As the produce ages and is exposed to light and air during packaging and transit, vitamins and other nutrients diminish, she says.
Frozen vegetables and fruits, however, are flash frozen close to the harvest source, so they retain many of the nutrients fresh produce loses.
So head over to the frozen foods aisle, especially when the fresh produce you normally buy is out of season and expensive.
“The best option is if your produce is fresh fresh,” Andreas says. “A local produce stand, farmers market or your own garden will provide the maximum amount of vitamins and will probably taste best, too!”
Sweat the small stuff
For a more realistic New Year’s resolution, start small
Let’s face it. Most New Year’s resolutions are long gone before winter turns to spring.
Instead of committing yourself to the impossible this year (“I’ll run 10 miles every day” or “I’ll never eat chocolate again”) make a list of small, manageable changes. Here are a few to try.
• Stand up and walk around while talking on the phone
• “Lose” the remote control. Get up and walk to the TV when you need to change the channel.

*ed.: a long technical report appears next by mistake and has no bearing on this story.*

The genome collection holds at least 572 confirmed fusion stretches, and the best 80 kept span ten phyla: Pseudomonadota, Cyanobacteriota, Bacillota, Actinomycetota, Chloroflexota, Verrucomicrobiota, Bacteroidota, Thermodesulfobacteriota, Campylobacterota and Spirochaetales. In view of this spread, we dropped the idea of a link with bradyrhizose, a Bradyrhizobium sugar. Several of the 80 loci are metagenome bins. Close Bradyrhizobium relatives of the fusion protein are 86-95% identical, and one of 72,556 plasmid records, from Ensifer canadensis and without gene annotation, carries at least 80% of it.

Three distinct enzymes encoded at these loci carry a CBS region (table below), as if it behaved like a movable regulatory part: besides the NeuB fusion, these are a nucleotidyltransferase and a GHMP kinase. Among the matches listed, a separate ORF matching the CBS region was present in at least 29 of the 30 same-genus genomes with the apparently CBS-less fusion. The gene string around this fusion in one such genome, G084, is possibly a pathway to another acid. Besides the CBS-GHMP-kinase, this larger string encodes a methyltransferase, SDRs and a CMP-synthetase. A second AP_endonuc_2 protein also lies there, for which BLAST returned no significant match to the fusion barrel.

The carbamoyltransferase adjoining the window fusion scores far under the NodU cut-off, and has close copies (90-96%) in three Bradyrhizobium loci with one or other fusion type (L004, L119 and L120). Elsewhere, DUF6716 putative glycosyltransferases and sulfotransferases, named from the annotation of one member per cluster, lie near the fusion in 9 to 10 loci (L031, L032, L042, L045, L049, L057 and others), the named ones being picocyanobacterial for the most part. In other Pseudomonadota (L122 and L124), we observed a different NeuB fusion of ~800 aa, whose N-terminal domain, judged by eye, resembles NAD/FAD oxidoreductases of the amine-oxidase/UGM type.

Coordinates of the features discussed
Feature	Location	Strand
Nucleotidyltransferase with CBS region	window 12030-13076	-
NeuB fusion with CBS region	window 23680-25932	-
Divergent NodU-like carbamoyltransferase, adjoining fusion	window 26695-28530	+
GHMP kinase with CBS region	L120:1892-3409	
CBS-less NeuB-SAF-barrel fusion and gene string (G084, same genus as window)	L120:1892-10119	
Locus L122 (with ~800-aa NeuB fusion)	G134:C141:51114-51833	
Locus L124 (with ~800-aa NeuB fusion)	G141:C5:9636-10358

• Go bowling instead of watching a movie.
• Take the stairs instead of the elevator.
• Instead of using the drive-through at the bank, park your car across the parking lot and walk inside.
• Walk to a neighbor’s house or co-worker’s desk instead of calling or sending an e-mail.
• Play in the snow with your children.
• While you watch television, take care of household chores. Dust the blinds, scrub the kitchen floor or wash the windows to avoid being a couch potato.
• Instead of visiting the office vending machine when you need a break from work, take a walk around your building.
• Plan an active family outing — take a hike on a nearby trail or ride bikes around the neighborhood.
• At work or home, opt for the restroom farthest from you (unless it’s urgent!)
• Sign up for tennis lessons or a kickboxing class through your city’s Parks and Recreation department.
Stress will cause your hair to turn gray
Gray hair is a completely natural part of the aging process. So blaming your faded locks on mischievous children or a demanding boss won’t get you anywhere.